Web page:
NORFOLK, Va. (WAVY) – Fewer flyers are choosing Norfolk International Airport.
New numbers show more than a seven percent plunge in passenger traffic this August compared to 2013. And while airport officials say several things are to blame, all signs lead back to the lingering effects of sequestration.
If you’ve flown in and out of Norfolk International Airport over the last year, you’ve probably noticed several changes. There’s a new security screening checkpoint, new seating and screens, but the upgrades are being seen by fewer people, some of the lowest numbers in years.
“We’re basically making this facility ready for when our traffic does rebound,” said Robert Bowen with ORF. “We feel that the economy in this area has just not rebounded as quickly from the effects of sequestration, federal budget issues, and furloughs.”
Frequent fliers say there’s another noticeable difference at the airport that isn’t cosmetic.
“It doesn’t seem to be as many people or flights available,” Sharon Devlin said. “Pulled right in, checked in, no problems, no lines.”
It has its perks, but there are plenty of problems, due to fewer people flying the friendly skies.
“Less choices, usually more people on the flights, the seats are usually taken, and it’s usually a full flight now,” Devlin said. “It wasn’t always that way.”
Less people booking flights makes the airlines reconsider where they’re sending their aircraft. Bowen said the largest impact they’ve had is with Southwest Airlines, which has gone from a total of 14 daily flights to six daily flights in the past year. Delta Airlines has dropped five daily flights, and the impact felt just from those two airlines cutting back is significant, resulting in a loss of about 1,300 seats per day in this market.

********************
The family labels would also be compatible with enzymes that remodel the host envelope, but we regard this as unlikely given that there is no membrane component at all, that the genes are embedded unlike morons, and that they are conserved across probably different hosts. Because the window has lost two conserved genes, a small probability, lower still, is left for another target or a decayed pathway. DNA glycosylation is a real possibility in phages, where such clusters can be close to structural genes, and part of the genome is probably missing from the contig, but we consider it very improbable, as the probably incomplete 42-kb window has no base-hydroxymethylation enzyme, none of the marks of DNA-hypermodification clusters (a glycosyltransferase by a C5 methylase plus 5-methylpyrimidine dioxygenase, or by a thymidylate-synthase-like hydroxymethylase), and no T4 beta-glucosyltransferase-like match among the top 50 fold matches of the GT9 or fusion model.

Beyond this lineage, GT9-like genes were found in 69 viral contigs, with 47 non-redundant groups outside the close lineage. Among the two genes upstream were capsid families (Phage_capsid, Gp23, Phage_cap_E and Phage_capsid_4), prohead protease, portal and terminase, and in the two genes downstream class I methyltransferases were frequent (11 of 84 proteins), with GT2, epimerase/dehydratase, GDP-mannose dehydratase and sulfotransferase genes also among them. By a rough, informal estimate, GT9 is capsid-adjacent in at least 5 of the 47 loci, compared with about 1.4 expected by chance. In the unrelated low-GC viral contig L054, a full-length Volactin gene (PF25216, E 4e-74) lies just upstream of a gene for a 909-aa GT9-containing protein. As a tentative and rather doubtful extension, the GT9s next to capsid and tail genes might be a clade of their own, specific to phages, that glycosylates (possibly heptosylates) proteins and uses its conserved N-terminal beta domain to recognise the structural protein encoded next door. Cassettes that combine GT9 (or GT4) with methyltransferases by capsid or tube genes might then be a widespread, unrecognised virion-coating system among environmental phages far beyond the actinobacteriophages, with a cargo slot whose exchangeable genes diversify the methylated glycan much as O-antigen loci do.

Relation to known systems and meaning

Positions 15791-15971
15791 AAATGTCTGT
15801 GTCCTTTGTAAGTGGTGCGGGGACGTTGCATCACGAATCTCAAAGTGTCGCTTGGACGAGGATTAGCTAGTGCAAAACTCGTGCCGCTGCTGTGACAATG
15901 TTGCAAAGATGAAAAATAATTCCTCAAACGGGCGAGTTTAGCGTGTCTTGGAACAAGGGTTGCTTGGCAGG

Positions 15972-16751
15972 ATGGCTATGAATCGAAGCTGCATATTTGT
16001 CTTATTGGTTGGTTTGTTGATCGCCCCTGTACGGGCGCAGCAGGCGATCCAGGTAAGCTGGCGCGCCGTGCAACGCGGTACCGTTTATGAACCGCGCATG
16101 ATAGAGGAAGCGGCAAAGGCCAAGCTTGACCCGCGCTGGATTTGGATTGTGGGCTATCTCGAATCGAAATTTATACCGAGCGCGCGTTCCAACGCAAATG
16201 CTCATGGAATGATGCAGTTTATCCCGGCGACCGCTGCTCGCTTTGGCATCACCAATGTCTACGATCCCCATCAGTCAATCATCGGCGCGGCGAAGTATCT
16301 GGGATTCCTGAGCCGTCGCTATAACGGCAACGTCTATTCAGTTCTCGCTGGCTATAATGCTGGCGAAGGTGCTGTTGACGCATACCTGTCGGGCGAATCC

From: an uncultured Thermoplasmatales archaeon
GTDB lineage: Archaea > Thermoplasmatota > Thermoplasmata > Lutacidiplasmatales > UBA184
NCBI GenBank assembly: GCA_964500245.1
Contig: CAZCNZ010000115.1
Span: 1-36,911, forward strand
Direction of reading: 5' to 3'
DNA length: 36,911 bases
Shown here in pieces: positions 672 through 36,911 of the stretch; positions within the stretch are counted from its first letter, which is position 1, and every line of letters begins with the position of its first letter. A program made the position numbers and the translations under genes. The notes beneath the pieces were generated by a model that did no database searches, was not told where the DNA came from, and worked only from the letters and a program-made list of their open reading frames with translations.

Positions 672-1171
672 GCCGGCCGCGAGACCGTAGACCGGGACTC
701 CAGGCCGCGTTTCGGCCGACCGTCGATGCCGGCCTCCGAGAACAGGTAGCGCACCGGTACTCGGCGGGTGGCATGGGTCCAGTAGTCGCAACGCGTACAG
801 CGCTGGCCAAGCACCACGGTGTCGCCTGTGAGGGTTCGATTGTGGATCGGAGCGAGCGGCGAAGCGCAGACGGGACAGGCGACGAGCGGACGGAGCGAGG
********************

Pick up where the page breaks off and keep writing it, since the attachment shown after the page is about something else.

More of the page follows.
Bowen said it’s the first time since 9/11 they’ve had this kind of reduction in flights. With airlines consolidating and changing their business plans, he said they’re looking to see what flights will make them the most money, and ORF has their work cut out for them to keep them from moving more aircraft away.
WAVY.com asked if they attribute any of the decrease at ORF to the start up of a new airline at Newport News Williamsburg International Airport. Bowen said they actually haven’t seen the numbers yet from Newport News to see if that’s true. Right now they’re just working airlines, suggesting things like new routes and better timing that might make them more profitable.
Overall, nearly 275,000 passengers flew through the airport. Since January, passenger traffic has declined more than three percent.
The airport said it also experienced a nearly five percent drop in cargo shipped in and out of the airport in August compared with the same month in 2013. Since January, cargo activity has decreased more than seven percent compared with the previous year.